June 15, 2005
Intent: This is not a complete guide, but just a few tips that you won't find in the manuals. You should start by getting the engine manual, which is quite thorough. Read through it, and you'll have a good idea what will be involved. It starts with the motor sitting on a bench, so we will start with the motor in the bike; that's where mine was when the problem arose. Parts and services were provided by Dave, known as 'Canniboomer' on the Cannondaler website. You can email Dave directly at pacrimdm at msn.com, just insert the @ symbol where I put 'at'. I'm avoiding getting Dave on a million bogus spam lists, that's why there is no direct link. Dave will fix you up with lighting fast service and great prices!
Another great resource is Cannondaler. Check out WWW.Cannondaler.Com and go to the forums. It's the most civil forum I've ever had the pleasure of being a part of, and there is a wealth of information to be had for the time it takes to do a search. Note too, that all of the Cannondale manuals are available there free for the downloading. Good stuff!
To start, you'll need to suspend the bike somehow. I use ratchet straps from the ceiling of my shop, you'll have to work out something. The problem is that you will be pulling out the swingarm pivot bolt, it doubles as the rear motor mount, so you have to hold up the back end of the bike at least. Here's how I did it; as usual, click on a picture for a large image. Each larger image opens it's own window, so close the image window when done looking.
Note that you can get the bike hung up, then pull off the skid plate and one of the lower frame rails. This makes room for a jack, and you can support the motor while you remove the other frame rail. When you get to that point, you can start disconnecting stuff. Be sure that you loosen the clamp for the boot from the throttle body to the air box, or you can put excessive strain on it and tear the boot or break the air box. Lowering the jack a little will allow the motor to tip down in the front, and that helps in finding all the gadgets and connections that need attention. Most of the electrical connections are labeled, if you find one that isn't, put some tape on it and write down where it goes on the tape with a sharpie. My advice is to get a digital camera and have an assistant take Lot's of pictures; you can refer to them later when putting it back together.
The swing arm bolt will not want to come out. Drive it out with a big hammer and a large phillips head screwdriver, or any long enough tool that won't slip off and tear up the threads on the bolt. With the swing arm bolt out, the motor is free in the chassis, so keep control of it. You'll want to gently and slowly lower it, checking to see what all is still connected. Soon you've got it out, and things are looking up!
In the left picture, the two hoses connect to fittings in the frame. The large wire from the black cover is from the stator, and it plugs into a unique connection on the wiring harness. From the right picture you can see the shift lever on the right side of the motor. The ATV jack is really handy for this kind of thing; got it at 'Schucks' for $50. In these pix I have the water pump cover off, you can see it on the ground in the right picture.
So now you have your motor out; put it on your workbench and it's manual time!
On the left, the motor with the big cover off and the clutch pack out. On the right, the clutch basket is out as well. Note the Stage 8 kit on all the mounting bolts for the crankshaft and transmission cassette plates. This kit costs a little under $100, and absolutely guarantee's that the bolts will not back out. If you locktite them properly at assembly time, you don't need the stage 8 kit. I like the security it offers. Some of the guys had bolts back out, and it isn't pretty. You start trading motor and tranny oil, and the bolts start hitting moving parts like the clutch basket. It's a bad thing.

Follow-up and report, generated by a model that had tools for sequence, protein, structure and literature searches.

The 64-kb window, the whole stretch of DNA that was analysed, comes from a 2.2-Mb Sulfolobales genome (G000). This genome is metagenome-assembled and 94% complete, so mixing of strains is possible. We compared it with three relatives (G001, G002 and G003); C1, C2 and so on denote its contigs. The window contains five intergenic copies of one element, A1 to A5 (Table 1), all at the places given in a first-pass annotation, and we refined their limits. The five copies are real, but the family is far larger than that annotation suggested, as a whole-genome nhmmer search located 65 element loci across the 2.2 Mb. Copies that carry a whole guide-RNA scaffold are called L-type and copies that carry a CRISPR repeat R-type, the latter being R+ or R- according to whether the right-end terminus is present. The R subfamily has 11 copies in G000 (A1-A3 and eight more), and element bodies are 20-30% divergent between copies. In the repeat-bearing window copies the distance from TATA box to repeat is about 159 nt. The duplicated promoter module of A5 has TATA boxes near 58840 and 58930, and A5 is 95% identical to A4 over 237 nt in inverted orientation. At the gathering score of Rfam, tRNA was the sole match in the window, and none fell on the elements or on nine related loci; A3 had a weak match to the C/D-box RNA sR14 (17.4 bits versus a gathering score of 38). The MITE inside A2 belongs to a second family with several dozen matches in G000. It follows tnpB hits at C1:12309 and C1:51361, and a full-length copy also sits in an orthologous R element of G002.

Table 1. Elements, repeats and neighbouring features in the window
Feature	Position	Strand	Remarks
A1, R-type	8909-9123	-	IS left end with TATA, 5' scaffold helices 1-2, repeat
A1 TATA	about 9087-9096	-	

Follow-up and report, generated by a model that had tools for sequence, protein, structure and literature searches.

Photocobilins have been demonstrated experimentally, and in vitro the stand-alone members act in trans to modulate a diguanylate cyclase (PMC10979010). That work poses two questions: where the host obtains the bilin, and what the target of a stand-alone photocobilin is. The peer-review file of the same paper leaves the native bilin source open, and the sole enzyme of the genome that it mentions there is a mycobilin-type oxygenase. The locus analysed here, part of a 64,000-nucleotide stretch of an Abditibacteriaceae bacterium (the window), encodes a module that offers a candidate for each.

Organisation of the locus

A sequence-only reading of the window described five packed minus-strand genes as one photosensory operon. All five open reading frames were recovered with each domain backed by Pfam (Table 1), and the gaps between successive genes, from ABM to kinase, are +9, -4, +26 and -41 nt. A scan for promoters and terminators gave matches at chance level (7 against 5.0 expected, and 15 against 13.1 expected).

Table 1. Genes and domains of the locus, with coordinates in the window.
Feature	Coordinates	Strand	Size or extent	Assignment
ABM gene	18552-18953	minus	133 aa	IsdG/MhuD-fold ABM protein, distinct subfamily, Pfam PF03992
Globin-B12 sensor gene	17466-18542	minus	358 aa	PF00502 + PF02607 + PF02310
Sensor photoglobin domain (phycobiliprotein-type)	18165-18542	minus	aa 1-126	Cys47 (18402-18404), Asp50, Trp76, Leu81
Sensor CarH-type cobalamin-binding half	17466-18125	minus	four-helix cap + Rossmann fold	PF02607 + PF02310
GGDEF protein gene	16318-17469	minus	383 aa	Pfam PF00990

Here we have a before and after set: On the left, the stock (on some Cannondales) clutch basket bushing. On the right, the newer upgrade to needle bearings. A machinist removes the brass bushing and then cuts and hones the hole for the needle bearings. Dave can get this done for $40 plus bearings; it's well worth while! Quiet and smooth are good things in a motor!
It's bearing time! If you go in this far to do a rod kit or whatever, do the mains as well. They are about $40 each, and you do NOT want to have to go back in to replace them in a few months!! On the left, the main in the engine case. Note that it is in a 'blind' hole; you can't push it through, and you can't get a nice bearing sized tool on it and use the press. I was really worried about this one, but it was easy. Use a good pin punch, about 1/4", and you'll try to drive the rollers first. This won't work, but it will pop out a roller or two and screw up the race (plastic) enough that you can pull it out. With all that stuff out of the way, use the pin punch and a large hammer to tap on one side and then the other. The angle is pretty bad, but the bearing comes right out. The picture on the right is how I removed the inner race from the crankshaft. Frankly, if you don't have a puller like that, I don't know how you will get this one off. I've heard that you can use a dremel tool with a cutting wheel and split the bearing, but I had the puller so I went that way. The bearing is on there pretty darn tight, so be patient. Putting the new one on is easy; heat it up good and have your drivers all laid out. Slip the hot race on the crankshaft and wail on it. Mine was on with about 5 hits, the faster you go the faster it goes. Stopping for any reason gives the bearing time to cool, and it gets tighter by the second. I was leery of pounding on the crank any more than I had to: they are pressed together, you don't want to beat it a few thousandths out of alignment!